So President Obama has decided that he will not release the image of Osama bin Laden’s body. The reason, he says, is that it could be used for propaganda purposes by terrorist organisations. How about the fact that making public the blood-stained and damaged body of a human being is just plain unpleasant, undignified and quite wrong?
The Salafi-jihadist movement is losing its recruitment pool in the Arab world, says Murad Batal al-Shishani, an Islamic groups and terrorism issues analyst. Al-Qaida and others' latest strategies look elsewhere, and the death of Osama Bin Laden will not affect these plans.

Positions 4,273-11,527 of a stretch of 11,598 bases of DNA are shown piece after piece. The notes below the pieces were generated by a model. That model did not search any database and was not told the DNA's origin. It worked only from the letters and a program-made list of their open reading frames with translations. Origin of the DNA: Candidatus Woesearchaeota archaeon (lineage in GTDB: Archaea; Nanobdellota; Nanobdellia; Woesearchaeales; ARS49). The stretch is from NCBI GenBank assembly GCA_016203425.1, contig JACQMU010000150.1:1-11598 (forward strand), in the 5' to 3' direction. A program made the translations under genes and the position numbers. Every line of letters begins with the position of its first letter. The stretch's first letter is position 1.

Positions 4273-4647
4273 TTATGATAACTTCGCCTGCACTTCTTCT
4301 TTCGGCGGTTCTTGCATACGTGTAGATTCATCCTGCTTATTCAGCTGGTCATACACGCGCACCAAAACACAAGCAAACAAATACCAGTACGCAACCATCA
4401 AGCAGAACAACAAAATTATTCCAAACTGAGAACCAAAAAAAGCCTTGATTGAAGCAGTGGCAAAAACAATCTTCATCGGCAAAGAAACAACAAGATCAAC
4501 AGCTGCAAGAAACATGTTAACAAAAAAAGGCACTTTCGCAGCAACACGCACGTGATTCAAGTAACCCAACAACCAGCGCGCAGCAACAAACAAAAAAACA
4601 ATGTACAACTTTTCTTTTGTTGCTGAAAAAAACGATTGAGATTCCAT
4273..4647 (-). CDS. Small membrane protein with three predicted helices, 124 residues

"I and my group of 9/11 victims' relatives hope we will take this opportunity to restore the US to the path of justice, not war," says Andrea LeBlanc in a moving article for the Guardian newspaper entitled 'America after Osama bin Laden'.
US Secretary of State Hillary Clinton's call on the Taliban and al-Qaida to renounce violence in the wake of the killing of Osama bin Laden is a statement from the heart of a world power which feels a renewed sense of vigour in the light of what is being called a "policy success". But it does not strike one as arising from a very thoughtful, perceptive or accurate view of the world.